Title: Broken Windows and War Music

Rating: T

Author: Pink Freud

Disclaimer: I don't own ''Across the Universe'', any Beatles songs, or any of the characters. I'm a poor grad student who can't even afford strawberries. Gimmee a break.

A/N This is, in my opinion, not overly great, but it wanted to be written, so here you go. Please tell me what you think. Love you all muchly and think you are wonderful.

A rescue. That's what it was. An unlikely, yet wonderful intervention. Max was treading down a path of self-destruction, whether he acknowledged it openly or not. It was self-destruction masquerading as a free-spirited good time.

Max could never control his eyes. They always ended up revealing far too much about how he was truly feeling; often they showed an excessive, troubling vulnerability, which Max then covered up with sarcasm, defiance, and bad behavior.

There was going to be hell to pay, he realized. Max needed to explain to his parents exactly why he was dropping out of college, and that would be a truly ugly confrontation. Truth be told, Princeton wore him out. It was slowly eating away at his soul, small, delicate bites at a time. This Ivy League cage was gilded, full of snobby people trying to force everyone into their snobby, narrow mold. None of it was real and honest; all it promised was a comfortable life built on lies. It made Max sick to his stomach. And the natural reaction to all this discomfort, of course, was to drive golf balls through windows, to smash a tiny piece of fake perfection.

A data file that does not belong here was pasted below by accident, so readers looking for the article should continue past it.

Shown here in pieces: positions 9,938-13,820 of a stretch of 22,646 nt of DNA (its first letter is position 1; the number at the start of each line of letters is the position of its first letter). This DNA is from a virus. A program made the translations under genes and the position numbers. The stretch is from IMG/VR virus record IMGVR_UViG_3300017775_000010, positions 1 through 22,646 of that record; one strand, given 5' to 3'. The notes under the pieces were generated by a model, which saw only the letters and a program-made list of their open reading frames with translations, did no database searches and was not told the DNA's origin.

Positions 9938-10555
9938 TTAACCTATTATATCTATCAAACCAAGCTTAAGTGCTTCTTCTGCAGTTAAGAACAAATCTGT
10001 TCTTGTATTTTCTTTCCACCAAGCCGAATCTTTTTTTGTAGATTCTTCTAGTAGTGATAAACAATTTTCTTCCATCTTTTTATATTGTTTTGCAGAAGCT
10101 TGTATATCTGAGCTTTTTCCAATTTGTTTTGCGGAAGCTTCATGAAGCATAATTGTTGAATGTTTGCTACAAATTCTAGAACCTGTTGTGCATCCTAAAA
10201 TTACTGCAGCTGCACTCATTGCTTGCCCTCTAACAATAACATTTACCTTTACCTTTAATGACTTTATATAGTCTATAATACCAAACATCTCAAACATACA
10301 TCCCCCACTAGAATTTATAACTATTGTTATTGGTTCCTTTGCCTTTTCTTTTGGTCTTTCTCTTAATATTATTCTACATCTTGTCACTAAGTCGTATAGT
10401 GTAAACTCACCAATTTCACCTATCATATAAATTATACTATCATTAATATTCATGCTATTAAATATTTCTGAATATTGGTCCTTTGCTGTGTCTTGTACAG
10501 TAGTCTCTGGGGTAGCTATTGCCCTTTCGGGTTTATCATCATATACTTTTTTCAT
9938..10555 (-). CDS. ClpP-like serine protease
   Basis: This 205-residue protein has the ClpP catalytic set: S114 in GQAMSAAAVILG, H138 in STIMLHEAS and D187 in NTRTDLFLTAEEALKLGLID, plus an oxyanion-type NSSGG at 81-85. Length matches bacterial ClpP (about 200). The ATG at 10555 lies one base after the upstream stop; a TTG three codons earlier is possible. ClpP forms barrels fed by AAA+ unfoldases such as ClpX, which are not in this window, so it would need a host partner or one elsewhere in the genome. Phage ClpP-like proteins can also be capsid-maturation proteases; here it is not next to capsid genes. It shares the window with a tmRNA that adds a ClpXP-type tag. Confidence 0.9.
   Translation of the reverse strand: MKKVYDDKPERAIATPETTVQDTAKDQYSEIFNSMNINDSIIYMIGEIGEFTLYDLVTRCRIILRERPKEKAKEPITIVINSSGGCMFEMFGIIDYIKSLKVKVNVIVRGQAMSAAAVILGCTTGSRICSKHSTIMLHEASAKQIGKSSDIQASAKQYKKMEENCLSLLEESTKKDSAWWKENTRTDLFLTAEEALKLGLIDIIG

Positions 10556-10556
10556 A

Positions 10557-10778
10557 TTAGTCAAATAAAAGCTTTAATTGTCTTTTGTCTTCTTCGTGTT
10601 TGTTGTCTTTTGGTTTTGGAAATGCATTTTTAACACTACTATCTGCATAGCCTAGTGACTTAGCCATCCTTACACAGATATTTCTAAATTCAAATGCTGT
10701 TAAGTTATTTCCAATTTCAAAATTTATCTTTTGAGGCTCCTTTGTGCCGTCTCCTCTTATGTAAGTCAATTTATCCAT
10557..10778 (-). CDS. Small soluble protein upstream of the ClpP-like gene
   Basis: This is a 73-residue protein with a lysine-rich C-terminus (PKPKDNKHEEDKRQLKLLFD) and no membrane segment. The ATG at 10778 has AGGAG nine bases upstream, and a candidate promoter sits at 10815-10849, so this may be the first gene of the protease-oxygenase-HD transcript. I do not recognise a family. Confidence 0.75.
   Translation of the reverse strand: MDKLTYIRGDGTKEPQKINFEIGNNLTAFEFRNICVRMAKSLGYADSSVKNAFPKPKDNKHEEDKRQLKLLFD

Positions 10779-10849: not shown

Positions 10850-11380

But then of course, he had to run. And he was out of shape.